How did Jews remain in Austria after being treated so terribly?

“How could they live in a country where they’d been treated so terribly?”

Posters saying, "Don't let Nazis rule" during a protest in Vienna, 2018 (photo credit: LEONHARD FOEGER / REUTERS)
Posters saying, "Don't let Nazis rule" during a protest in Vienna, 2018
“What? There are still Jews in Austria?” the journalist and author Anna Goldenberg would constantly hear from New Yorkers who tried to make sense of her Jewish identity and Austrian accent. “My grandparents are Holocaust survivors who remained in their birthplace, Vienna, after the war,” she would respond.
“How could they live in a country where they’d been treated so terribly?” would be the follow-up question, to which the author would have no adequate answers.
In I Belong to Vienna, Goldenberg embarks on an investigation to shed light onto her family’s history and their decision to stay, presenting a vivid picture of the day-to-day life of Viennese Jews under Nazi occupation. The heroes of Goldenberg’s story are her grandparents, Hansi and Helga. During Nazi rule, Hansi was taken in by an Austrian doctor who hid the boy in his apartment, while his family perished in the concentration camp and ghetto of Theresienstadt. Helga, on the other hand, was sent to the camp together with her mother and younger sister, from where they managed to escape before its liberation. The family returned to Vienna, where they rebuilt their lives despite everything.
Granddaughter Anna finds herself living in New York more than 70 years later, pondering her decision to leave Vienna.
“But it was only in New York that I really began to feel like a historical anomaly – and realized I had to deal with the past if I wanted to understand why my grandparents stayed in Vienna.”
Hansi’s and Helga’s stories run in parallel. Golderberg tells the day-to-day life of her grandfather in his hiding place in an apartment in central Vienna; his escape to the foreign, Nazi-occupied city outside the apartment; and the heartwarming life-long friendship and son-and-father relationship developed between him and Josef “Pepi,” the doctor who took him in.
Helga’s transfer to the ghetto and concentration camp of Theresienstadt is thoroughly documented in the form of a series of interviews. The survivors meet in Vienna following the war, each carrying deep scars, yet both thirsty for embracing the life that stood ahead of them. They later immigrate to New York State, but after a brief sojourn, decide to return to their home city.
“Jewish doctors invited the Jewish couple, but not their non-Jewish friend,” her grandmother recounts of her experiences in the suburbs of New York, where the couple worked as physicians in the 1950s. “‘I had had enough of that during the war,’ says Helga. So rigid, racist social conventions certainly played a major role in their decision to return to Europe.”
In her family archives she finds correspondence among the extended family surrounding their growing concern about the fate of their lives and country, attempts to immigrate, supportive messages and growing desperation – pieces that serve as testimonies to their resilience and unwavering hope. Reflections on the meaning of home and preservation of memory are at the center of the story of the couple who bravely confronted their past.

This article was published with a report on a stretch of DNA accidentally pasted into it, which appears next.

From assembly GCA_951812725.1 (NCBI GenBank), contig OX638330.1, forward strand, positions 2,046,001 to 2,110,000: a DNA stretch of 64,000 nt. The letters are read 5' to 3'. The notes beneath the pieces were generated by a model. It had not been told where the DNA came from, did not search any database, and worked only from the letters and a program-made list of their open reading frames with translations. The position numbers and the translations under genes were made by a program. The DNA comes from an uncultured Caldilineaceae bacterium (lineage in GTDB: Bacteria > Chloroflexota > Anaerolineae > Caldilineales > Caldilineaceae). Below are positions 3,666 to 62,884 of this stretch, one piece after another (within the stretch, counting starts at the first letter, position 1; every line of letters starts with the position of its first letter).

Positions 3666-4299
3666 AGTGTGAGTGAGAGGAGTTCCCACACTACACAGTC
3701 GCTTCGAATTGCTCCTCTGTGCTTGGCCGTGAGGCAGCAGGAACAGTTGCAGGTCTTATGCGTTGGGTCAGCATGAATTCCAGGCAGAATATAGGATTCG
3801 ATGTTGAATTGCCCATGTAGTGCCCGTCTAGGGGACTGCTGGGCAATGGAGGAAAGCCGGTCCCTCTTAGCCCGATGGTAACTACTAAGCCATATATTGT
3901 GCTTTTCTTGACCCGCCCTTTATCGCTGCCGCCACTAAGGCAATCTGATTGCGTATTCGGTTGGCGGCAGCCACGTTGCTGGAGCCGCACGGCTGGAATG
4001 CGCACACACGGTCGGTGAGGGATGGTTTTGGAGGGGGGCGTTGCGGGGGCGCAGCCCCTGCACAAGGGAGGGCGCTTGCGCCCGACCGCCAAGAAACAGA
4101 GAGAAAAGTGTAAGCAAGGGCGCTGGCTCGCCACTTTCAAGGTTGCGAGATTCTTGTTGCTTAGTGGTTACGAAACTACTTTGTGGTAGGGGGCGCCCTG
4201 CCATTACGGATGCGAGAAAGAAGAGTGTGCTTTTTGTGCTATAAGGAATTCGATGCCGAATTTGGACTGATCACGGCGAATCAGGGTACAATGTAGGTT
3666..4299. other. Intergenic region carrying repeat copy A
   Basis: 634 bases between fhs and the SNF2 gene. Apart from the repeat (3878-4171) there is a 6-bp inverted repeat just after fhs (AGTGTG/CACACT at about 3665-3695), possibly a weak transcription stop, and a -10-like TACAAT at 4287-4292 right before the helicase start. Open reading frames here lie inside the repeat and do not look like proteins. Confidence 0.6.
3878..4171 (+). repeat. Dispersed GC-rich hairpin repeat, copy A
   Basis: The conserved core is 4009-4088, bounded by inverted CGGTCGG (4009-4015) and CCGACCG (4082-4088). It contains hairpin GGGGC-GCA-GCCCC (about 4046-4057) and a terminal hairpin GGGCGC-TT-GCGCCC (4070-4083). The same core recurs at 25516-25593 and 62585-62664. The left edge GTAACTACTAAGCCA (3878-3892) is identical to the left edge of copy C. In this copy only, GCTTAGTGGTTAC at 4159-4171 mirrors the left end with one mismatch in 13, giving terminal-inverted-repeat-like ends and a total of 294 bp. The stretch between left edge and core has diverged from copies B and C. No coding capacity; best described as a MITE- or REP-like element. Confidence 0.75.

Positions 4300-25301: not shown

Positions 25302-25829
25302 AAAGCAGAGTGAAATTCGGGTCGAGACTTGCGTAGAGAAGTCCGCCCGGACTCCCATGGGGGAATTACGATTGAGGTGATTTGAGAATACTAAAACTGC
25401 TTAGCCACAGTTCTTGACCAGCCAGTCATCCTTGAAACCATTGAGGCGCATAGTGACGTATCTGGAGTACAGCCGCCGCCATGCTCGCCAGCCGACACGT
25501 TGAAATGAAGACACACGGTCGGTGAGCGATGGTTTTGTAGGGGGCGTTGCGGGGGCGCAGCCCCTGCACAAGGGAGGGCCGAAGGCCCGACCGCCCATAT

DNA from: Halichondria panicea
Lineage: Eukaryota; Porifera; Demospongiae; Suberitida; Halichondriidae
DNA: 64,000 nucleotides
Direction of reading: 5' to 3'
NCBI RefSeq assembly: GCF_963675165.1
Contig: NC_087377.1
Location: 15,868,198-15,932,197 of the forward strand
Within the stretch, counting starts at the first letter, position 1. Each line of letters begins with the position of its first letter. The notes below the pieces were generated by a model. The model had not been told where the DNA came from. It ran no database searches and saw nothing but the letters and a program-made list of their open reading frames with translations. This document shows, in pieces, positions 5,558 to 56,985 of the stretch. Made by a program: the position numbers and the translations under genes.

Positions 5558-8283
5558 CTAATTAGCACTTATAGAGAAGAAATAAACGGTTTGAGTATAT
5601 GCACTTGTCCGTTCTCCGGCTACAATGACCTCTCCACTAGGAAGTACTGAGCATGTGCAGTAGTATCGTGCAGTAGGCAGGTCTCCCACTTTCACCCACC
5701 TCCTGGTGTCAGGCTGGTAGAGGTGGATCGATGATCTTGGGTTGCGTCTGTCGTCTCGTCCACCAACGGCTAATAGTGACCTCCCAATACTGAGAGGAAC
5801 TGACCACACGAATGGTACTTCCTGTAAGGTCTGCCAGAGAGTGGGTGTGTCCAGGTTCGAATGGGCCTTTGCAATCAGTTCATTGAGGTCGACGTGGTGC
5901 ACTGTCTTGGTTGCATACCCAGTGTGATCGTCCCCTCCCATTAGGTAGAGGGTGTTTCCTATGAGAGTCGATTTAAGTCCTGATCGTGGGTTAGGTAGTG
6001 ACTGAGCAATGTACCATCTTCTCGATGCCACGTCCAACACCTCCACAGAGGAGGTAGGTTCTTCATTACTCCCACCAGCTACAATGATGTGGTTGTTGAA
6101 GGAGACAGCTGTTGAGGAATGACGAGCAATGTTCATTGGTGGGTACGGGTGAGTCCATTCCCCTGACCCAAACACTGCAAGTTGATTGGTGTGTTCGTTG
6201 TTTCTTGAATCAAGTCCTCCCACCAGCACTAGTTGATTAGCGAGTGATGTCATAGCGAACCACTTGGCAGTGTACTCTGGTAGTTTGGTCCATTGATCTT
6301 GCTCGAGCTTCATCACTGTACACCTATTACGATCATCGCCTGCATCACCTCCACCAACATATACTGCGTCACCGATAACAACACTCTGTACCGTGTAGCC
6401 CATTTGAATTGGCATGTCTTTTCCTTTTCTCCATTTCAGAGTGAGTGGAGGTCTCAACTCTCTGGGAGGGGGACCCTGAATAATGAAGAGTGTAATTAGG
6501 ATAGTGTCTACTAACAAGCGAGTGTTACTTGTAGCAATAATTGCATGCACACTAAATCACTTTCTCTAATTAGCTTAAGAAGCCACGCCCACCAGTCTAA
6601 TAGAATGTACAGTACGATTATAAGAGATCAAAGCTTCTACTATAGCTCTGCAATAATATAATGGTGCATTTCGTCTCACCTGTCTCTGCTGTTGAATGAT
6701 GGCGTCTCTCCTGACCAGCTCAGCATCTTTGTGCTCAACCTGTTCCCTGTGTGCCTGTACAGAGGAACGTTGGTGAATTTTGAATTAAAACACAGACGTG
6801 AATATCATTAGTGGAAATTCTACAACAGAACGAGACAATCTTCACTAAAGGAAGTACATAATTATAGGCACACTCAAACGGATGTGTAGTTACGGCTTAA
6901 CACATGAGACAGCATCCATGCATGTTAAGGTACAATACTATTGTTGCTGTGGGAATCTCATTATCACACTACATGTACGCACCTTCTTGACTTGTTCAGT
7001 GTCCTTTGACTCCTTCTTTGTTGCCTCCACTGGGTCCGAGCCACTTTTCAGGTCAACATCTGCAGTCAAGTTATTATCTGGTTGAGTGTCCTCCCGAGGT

“I’ve been looking at my problem with New York from the wrong angle,” the author writes. “For a long time, I thought I wanted to go back to Vienna because I felt lonely. But what if I felt lonely because I wanted to go back to Vienna? Has a part of me, perhaps unconsciously, realized long ago how very privileged I was to even have a home where I felt welcome?”
Through lost letters, documents, forms and other family memos, Goldenberg pieces together an important historical record of the day-to-day dealings of those who survived. At times, the journalistic investigation clashes with personal memories in a discordant tone, in detriment to the fluidity of the narrative. Moreover, the rhetorical questions – seemingly meant to advance the narrative and instigate curiosity – rob the reader of the experience of plummeting into a world she has meticulously resurfaced.
The vivid, WWII Viennese world takes shape thanks to her thorough research. Goldenberg digs into every decision, every form submitted to the authorities at the time, from visa requests to school records. The amount of data gathered by the author is, however, at times overwhelming and counterproductive to the narrative’s flow. On the other hand, it is what turns the memoir into an important and accessible document of the period following the Anschluss, the annexation of Austria.
Goldenberg’s memoir and family tell a story of remaining: remaining together under the most tenuous circumstances, remaining alive despite coming face to face with unfathomable horror, and remaining rooted to a city while having the world question the decision. Helga’s and Hansi’s bravery and optimism transpire through the pages. Their thirst for life grants the reader a radically different angle into the lives of “those who stayed,” providing above all a valuable lesson on belonging and the will to overcome.